Helping people with computers... one answer at a time.
Even though they share similar names and do similar things, Outlook, Outlook Express, and Outlook.com are actually not related to each other at all.
I see I have Outlook Express on my machine for email. But I also see references here and elsewhere to just "Outlook," and now Outlook.com. Are those just other names for the same thing? If not, how do all these "Outlooks" relate to each other?
The short answer is they don't. Not at all. They essentially have only two things in common. They're all related to email and they all have the word "Outlook" in their names.
And that's pretty much where the similarity ends.
It's unfortunate too because lots of people infer from the names that Outlook Express is some kind of "Outlook Lite" and that Outlook.com has something to do with one or the other or both. That's simply not the case at all. They're completely separate from each other.
Outlook Express was:
Free - It was included on most Windows installations prior to Windows Vista and came with Internet Explorer versions 6 and earlier.
An internet mail reader - POP3, IMAP or Hotmail accounts.
An internet news reader - NNTP, as used on Usenet and other internet news servers.
A contact list manager - Although aimed primarily as a way of managing contacts specifically for mail and news.
I say "was" because Outlook Express has been DISCONTINUED.
Outlook Express has been formally discontinued by Microsoft and won't be found in Windows versions begining with Vista. In fact, Outlook Express will not run in Windows 7 and presumably will also not run in Windows 8.
My experience answering questions on and trying to help people with Outlook Express is that it is long past time to move on and select another email program. I hear of more email lost because of issues with Outlook Express than with any other email program.
Not free - It's included in the Microsoft Office product.
An internet mail reader - POP3, IMAP, or Hotmail accounts.
An exchange server mail reader and support all exchange server features.
A full-featured personal information manager (PIM) with address book, calendar, todo-list and more.
Extensible - Outlook can be extended via add-ins and macros.
Regularly updated and supported.
There are many more differences, of course, but those are the major ones that are visible. Under the hood, the most major difference between Outlook and Outlook Express is simply that that they share almost no code. They've come from completely different backgrounds to evolve into what they are.
Introduced in 2012, Outlook.com is:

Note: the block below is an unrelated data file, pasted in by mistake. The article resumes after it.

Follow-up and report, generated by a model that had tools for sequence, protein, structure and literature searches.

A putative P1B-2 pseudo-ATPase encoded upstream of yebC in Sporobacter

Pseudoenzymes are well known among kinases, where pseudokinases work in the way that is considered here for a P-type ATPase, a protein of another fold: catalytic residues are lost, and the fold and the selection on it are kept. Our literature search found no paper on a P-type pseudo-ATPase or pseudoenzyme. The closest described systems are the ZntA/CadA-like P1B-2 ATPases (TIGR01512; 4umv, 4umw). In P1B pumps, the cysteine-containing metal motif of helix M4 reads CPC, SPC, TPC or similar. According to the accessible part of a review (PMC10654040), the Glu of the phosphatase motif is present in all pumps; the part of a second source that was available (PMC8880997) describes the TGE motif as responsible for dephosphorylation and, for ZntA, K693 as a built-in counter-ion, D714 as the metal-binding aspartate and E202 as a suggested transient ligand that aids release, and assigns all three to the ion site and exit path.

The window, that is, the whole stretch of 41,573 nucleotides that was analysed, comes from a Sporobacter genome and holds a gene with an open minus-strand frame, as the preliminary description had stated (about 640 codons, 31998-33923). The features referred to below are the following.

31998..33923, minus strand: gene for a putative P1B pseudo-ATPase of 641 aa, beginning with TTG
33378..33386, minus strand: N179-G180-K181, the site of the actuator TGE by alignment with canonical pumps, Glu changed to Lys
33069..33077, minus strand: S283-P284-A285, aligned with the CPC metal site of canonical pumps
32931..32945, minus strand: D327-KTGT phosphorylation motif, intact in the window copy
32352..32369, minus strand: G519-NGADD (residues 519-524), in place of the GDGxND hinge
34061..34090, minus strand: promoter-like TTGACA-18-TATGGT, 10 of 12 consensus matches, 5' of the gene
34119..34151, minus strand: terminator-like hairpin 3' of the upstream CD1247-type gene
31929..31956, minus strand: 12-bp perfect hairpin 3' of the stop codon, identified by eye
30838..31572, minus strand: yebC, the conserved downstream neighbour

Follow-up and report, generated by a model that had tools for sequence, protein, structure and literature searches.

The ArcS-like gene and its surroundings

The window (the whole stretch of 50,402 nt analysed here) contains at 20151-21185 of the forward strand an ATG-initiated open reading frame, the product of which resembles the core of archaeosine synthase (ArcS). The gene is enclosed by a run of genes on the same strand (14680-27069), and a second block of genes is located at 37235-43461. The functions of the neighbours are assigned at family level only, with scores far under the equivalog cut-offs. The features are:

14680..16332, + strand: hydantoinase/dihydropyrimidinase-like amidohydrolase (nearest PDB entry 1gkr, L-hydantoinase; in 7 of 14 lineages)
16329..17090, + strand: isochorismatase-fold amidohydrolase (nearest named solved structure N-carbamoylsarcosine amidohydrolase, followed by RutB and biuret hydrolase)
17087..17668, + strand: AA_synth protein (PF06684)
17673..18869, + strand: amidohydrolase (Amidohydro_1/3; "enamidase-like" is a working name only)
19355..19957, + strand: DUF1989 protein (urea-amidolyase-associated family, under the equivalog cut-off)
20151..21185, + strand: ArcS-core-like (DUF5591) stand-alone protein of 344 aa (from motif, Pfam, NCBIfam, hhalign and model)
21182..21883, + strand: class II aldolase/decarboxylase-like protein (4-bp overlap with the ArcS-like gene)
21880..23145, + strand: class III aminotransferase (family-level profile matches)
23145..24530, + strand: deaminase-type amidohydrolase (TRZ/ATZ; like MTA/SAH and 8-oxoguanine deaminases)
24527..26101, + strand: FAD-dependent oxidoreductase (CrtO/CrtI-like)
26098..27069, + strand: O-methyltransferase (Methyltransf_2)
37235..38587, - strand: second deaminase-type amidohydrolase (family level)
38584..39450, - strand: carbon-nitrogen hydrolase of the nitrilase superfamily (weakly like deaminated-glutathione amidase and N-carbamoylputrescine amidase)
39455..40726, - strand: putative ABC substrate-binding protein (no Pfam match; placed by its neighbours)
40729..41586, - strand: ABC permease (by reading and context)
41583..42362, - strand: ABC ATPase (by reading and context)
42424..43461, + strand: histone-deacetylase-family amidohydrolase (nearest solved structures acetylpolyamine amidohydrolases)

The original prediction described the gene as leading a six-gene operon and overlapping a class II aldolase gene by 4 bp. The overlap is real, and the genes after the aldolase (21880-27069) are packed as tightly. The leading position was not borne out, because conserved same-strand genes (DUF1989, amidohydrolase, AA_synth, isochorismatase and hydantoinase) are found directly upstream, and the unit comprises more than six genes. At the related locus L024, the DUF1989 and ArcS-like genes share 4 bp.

A web-based email service that you access using your web browser.
An email domain on which you can create your own free email address, much like Microsoft's Hotmail.
An alternate user interface that you can use to access your existing Hotmail email.
Rumored to eventually replace Hotmail's user interface completely (though Hotmail email accounts will continue to work)
As you can see, Outlook.com doesn't even come close to relating to Outlook or Outlook Express is any way. The latter two are email programs that you install on your PC, Outlook.com is a website you use to access email.
The only thing Outlook.com shares with Outlook and Outlook Express is the word "Outlook", which is apparently Microsoft's generic branding for anything email-related.
Outlook Express was targeted at the home user and many people felt that it was both simple and met their needs quite nicely. Unfortunately, with it being discontinued for nearly a decade now, it's not a solution that you should choose if you're setting up something new. In fact, it's something that I strongly suggest you move away from if you're using it today. My recommendation would be to move to a program like Thunderbird.
Outlook, on the other hand, continues to be targeted more at the business environment, email power-users, or those simply wanting all the additional features it brings. With a lot of support from third-party vendors, including things like mobile device synchronization, Outlook is even a reasonable choice for the home or casual user.
Outlook.com is totally optional. If you have a Hotmail account, you can try out Outlook.com's new user interface and see if you like it. (My experience is that you can revert back to the older Hotmail user interface if you like, but some have reported difficulty doing so, so proceed at your own risk.)
A safer way to try the new Outlook.com might be to go there and sign up for a new Outlook.com email address, leaving your existing Hotmail address out of the picture.
(This is a revision of an article originally published August 17, 2003.)
You can read more about Outlook versus Outlook Express in the Microsoft support article: Differences Between Outlook and Outlook Express.